Heike Drillisch, CounterCurrent
(GegenStrömung), +49(0)177 - 345 2611, firstname.lastname@example.org
Ercan Ayboğa, Initiative to Keep Hasankeyf Alive, +49(0)163 - 757 7847, email@example.com
Engin Yılmaz, Doğa Derneği, +90(0)549 - 860 2766, firstname.lastname@example.org
Ayşegül Özpınar, email@example.com
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One of the major human rights committees of the United Nations voices its deep concern about the construction of the Ilisu dam as well as other dam projects in Turkey. With this, the committee reacts to reports by civil society organisations on numerous human rights violations connected to dam construction.
For three weeks the committee for economic, social and cultural rights assessed the compliance of Turkey and four other countries with its obligations under the UN Social Covenant. In its final document, published on May 20, the committee urges the Turkish government to completely review its legislation on evictions, resettlement and compensation, and to take a human rights based approach into account in its infrastructure development projects, especially dams.
„The UN committee confirms that the Turkish government is obliged by international law to change its complete policy on resettlement and expropriation", Ercan Ayboğa, international spokes person of the Initiative to Keep Hasankeyf Alive, gladly states. „Up to now, the affected population received token compensation and were settled in villages where they had neither income nor a future. This must change now!"
Besides the Ilisu dam, for which the governments of Germany, Austria and Switzerland granted public guarantees in 2007, but withdrew them two years later, the Turkish government plans to construct almost 2,000 dams and hydro-electric power plants within the next twelve years, which might affect up to two million people. „Taking a human rights based approach into account means that those affected can fully and effectively participate in the planning of projects, that their rights to an adequate standard of living, to health and access to their cultural goods are respected", explains Heike Drillisch, coordinator of CounterCurrent, the Ilisu campaign in Germany. A report by CounterCurrent in cooperation with several initiatives in Turkey had induced the UN committee to reprehend Turkey in its concluding observations that these rights have been completely ignored by the Turkish government until now.
„This document of the United Nations once again shows the unavoidable and urgent need for establishing a new legal system. The current discussions regarding a new constitution must be used as an opportunity to draft provisions which recognize fundamental human rights and guarantee that ecosystems and communities can exist and flourish in Turkey as it had been the case in Hasankeyf for thousands of years", Engin Yılmaz, General Director of the Turkish nature association Doğa Derneği, states.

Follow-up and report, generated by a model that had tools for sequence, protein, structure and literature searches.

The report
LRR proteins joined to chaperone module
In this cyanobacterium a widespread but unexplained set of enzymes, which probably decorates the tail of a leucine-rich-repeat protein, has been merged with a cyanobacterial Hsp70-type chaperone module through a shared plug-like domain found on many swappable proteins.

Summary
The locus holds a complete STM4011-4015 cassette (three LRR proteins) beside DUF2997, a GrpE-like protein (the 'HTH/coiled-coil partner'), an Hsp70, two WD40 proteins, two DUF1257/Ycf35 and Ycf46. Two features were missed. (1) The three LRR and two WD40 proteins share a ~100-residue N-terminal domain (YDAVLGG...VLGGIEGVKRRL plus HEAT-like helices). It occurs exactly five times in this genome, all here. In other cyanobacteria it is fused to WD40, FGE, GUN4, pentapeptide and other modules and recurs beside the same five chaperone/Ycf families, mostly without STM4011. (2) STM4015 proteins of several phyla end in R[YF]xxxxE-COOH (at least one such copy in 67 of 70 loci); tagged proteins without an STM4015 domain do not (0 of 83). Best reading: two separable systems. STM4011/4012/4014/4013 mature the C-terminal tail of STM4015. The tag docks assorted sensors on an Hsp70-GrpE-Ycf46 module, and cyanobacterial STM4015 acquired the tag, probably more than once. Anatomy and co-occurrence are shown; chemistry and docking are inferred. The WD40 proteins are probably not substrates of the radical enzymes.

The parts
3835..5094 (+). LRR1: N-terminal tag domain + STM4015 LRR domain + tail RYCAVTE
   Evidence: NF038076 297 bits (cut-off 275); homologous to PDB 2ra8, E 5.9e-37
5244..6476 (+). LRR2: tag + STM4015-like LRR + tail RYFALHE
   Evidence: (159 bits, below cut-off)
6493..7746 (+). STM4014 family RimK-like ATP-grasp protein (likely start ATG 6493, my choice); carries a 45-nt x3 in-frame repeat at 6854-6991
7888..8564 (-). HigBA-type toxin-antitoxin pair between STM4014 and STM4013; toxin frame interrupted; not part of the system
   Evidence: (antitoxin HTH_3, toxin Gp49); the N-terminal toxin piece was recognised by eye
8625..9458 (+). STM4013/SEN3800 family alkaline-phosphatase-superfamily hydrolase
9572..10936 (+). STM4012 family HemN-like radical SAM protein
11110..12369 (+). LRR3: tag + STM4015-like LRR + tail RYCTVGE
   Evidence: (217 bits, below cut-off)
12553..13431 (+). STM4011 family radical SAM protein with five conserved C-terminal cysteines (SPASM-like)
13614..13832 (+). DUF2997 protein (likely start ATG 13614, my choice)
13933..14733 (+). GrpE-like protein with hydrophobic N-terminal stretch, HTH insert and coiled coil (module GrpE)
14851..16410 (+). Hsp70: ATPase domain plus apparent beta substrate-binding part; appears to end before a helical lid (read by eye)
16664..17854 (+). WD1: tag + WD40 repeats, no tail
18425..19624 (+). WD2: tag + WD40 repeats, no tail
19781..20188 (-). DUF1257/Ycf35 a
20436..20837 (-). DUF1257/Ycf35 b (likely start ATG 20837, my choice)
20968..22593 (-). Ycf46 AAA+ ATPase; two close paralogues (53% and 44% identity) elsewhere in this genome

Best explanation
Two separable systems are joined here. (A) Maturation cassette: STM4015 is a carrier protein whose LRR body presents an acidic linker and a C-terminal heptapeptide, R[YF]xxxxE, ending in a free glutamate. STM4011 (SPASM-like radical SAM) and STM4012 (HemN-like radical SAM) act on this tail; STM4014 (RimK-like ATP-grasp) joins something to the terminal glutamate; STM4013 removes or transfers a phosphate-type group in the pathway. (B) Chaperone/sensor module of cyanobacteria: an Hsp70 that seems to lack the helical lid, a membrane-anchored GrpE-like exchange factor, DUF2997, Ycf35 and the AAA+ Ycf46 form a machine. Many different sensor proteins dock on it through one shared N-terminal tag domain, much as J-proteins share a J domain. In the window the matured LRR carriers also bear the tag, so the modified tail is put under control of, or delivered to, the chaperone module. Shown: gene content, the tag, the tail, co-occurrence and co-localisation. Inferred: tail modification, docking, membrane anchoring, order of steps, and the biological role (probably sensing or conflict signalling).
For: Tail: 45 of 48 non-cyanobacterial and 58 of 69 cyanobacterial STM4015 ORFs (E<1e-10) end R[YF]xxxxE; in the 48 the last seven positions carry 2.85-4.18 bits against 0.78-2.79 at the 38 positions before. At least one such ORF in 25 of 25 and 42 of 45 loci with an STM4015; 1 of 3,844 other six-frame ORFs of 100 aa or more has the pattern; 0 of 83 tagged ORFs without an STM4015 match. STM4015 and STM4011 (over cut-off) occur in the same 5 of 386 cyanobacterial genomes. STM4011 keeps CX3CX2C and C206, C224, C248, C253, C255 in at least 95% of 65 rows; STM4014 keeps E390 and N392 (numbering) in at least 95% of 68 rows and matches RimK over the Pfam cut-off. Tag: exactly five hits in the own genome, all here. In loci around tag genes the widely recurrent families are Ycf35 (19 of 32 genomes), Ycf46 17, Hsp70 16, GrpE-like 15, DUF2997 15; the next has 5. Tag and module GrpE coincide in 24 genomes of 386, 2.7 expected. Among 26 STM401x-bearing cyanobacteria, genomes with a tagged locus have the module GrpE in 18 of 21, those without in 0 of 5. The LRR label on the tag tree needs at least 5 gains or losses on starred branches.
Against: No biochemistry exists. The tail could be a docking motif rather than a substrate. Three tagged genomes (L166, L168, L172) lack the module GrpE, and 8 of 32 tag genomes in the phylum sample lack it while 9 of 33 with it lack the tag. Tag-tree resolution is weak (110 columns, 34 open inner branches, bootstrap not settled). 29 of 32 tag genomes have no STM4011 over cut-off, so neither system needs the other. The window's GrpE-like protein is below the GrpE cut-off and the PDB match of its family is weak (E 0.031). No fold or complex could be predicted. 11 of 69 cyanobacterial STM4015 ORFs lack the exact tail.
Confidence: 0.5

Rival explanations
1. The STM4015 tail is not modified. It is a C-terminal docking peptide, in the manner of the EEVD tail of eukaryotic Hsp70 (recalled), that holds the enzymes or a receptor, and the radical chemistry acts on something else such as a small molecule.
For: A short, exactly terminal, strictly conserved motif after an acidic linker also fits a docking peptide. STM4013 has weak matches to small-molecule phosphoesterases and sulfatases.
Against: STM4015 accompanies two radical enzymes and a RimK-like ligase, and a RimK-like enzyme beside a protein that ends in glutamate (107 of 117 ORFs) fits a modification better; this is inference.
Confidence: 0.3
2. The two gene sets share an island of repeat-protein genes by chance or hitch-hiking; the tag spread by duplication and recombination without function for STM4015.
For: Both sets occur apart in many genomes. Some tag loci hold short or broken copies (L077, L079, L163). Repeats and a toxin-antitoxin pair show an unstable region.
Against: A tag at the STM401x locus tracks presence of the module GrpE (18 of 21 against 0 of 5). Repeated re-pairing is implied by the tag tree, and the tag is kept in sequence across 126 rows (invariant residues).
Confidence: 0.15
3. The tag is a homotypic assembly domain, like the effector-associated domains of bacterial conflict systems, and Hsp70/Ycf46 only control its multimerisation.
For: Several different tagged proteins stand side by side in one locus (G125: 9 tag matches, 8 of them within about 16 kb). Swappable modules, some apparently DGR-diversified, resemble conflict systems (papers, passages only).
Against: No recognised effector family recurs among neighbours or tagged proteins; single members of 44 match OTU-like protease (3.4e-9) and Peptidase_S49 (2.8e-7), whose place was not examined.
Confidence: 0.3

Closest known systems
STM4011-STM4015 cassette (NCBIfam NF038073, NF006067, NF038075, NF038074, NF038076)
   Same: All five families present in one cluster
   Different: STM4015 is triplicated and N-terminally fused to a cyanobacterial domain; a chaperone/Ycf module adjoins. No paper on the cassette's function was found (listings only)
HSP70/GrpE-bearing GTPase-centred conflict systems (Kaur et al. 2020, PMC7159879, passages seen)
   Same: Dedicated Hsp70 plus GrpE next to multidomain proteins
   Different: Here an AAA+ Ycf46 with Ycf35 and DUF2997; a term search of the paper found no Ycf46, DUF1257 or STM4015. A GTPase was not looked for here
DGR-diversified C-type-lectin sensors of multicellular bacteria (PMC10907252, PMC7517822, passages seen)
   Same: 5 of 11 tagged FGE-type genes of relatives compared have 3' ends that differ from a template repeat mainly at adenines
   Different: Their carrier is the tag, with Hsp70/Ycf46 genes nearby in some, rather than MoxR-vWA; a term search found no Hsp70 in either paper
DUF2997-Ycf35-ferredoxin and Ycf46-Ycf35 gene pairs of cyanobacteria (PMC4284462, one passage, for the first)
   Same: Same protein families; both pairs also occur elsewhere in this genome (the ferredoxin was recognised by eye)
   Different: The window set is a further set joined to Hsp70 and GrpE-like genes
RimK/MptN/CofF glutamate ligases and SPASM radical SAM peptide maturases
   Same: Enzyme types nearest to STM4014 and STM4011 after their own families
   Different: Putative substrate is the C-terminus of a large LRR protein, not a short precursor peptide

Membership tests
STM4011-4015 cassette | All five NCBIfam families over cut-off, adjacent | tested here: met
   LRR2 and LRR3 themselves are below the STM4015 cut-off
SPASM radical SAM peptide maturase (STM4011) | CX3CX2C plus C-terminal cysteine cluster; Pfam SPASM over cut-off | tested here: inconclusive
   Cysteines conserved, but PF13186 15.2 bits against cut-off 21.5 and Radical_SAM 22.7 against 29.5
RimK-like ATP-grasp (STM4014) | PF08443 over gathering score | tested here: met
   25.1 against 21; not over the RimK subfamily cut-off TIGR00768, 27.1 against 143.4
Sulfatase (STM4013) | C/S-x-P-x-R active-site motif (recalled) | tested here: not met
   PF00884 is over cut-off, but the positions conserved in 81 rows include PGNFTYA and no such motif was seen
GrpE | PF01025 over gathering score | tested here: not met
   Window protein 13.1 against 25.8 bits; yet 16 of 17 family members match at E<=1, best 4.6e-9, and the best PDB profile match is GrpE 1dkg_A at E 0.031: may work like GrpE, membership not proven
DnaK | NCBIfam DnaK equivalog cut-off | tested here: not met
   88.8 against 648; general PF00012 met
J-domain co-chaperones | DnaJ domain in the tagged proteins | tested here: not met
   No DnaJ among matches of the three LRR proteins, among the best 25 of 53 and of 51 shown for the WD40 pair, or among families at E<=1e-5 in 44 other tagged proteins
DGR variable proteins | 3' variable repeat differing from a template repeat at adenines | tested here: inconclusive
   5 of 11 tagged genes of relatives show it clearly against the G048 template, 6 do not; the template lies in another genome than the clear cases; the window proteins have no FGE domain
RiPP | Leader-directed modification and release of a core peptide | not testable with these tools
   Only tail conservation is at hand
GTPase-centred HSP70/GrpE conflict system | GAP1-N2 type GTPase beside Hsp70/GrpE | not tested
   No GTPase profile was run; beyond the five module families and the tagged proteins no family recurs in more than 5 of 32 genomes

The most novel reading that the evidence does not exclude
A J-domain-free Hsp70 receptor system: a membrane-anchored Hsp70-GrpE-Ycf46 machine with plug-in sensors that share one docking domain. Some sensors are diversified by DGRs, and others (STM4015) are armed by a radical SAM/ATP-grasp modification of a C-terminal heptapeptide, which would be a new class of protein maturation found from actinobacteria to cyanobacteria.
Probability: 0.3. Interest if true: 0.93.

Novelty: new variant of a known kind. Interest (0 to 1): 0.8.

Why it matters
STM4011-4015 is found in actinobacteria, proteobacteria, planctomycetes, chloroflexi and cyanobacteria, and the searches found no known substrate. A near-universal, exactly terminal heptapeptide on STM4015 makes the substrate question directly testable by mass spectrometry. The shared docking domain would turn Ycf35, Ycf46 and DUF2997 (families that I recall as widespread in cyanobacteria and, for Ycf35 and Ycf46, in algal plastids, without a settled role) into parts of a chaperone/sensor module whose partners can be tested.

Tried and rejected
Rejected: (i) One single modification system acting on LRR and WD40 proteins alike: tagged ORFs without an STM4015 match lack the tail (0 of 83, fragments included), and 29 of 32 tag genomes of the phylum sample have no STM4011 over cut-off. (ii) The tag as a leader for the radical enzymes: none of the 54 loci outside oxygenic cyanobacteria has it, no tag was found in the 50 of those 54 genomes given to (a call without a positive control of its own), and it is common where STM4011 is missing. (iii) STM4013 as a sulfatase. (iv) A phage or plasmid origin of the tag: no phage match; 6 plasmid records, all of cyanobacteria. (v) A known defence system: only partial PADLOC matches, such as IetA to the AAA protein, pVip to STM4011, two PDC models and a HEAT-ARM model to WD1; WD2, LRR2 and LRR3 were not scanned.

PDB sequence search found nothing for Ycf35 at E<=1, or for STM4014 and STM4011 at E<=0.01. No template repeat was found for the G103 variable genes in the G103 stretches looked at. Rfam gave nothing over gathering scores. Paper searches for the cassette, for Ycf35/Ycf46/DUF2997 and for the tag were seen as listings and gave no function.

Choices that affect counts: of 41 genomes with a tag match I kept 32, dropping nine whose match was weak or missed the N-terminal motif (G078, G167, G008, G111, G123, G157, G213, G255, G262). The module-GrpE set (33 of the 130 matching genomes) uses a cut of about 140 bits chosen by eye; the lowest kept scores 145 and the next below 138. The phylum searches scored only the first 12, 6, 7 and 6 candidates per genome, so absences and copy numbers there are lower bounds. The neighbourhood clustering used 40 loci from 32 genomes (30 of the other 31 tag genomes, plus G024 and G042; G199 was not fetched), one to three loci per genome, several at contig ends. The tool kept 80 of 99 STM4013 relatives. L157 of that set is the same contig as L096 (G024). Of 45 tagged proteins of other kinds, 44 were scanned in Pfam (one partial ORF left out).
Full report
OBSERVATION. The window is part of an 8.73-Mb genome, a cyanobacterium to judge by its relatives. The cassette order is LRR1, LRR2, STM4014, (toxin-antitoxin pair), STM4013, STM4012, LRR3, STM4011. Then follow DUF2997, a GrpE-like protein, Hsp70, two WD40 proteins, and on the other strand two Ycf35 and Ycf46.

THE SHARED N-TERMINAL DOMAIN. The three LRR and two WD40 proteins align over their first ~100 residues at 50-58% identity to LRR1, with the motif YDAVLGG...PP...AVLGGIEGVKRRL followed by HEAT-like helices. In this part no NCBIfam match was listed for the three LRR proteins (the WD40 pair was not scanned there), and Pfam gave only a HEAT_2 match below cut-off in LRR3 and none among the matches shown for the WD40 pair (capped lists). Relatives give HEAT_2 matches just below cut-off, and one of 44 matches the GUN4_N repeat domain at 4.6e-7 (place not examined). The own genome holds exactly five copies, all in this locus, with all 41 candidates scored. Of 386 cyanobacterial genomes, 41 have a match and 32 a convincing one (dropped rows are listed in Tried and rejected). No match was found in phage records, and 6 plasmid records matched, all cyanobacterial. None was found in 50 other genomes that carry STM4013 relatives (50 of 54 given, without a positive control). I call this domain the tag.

„The right to a healthy environment is a fundamental human right. We will not cease to resist the complete destruction of our waters which the government currently pushes for", confirms Ayşegül Özpınar, a representative of the Great March of Anatolia, a protest march arriving in Ankara today. For several weeks, activists and dam affected people from all parts of the country marched towards the capital to demonstrate against the destruction of nature in Anatolia.
Besides the Universal Declaration of Human Rights the Covenants on Civil and Political Rights as well as on Economic, Social and Cultural Rights belong to the central human rights instruments of the United Nations. The respective committees periodically assess states' compliance with their obligations under the covenants. Turkey has ratified the Social Covenant in 2003. In its 46th session from 2 - 20 Mai 2011 the committee questioned the governments of Turkey, Germany, Moldova, Russian Federation and Yemen.
The concluding observation and recommendation of the committee on economic, social and cultural rights regarding dams in Turkey reads as follows (cf. http://www2.ohchr.org/english/bodies/cescr/cescrs46.htm):
26. The Committee is
deeply concerned at the potential impact of the Ilisu dam under
construction, as well as other dams, on the enjoyment of economic, social and
cultural rights in the areas concerned, especially with regard
to forced evictions, resettlements, displacement, and
compensation of people affected as well as the environmental and
cultural impacts of the construction of these dams. (art. 11, 12
The Committee urges the State party to take account of a human-rights based approach in its infrastructure development projects, especially dams, and to undertake a complete review of its legislation and regulations on evictions, resettlement and compensation of the people affected by these construction projects, especially the Ilisu dam, in line with the Committee's general comment No. 7 on forced evictions (1997).
The report "Dam construction in Turkey and its impact on economic, cultural and social rights" is available at http://www.gegenstroemung.org/drupal/sites/default/files/CESCR_Parallel%20report%20by%20CounterCurrent%20on%20Turkish%20dams_2011-03-15_0.pdf as well as http://www2.ohchr.org/english/bodies/cescr/cescrs46.htm.
Information on the "Great March of Anatolia": http://vermeyoz.net/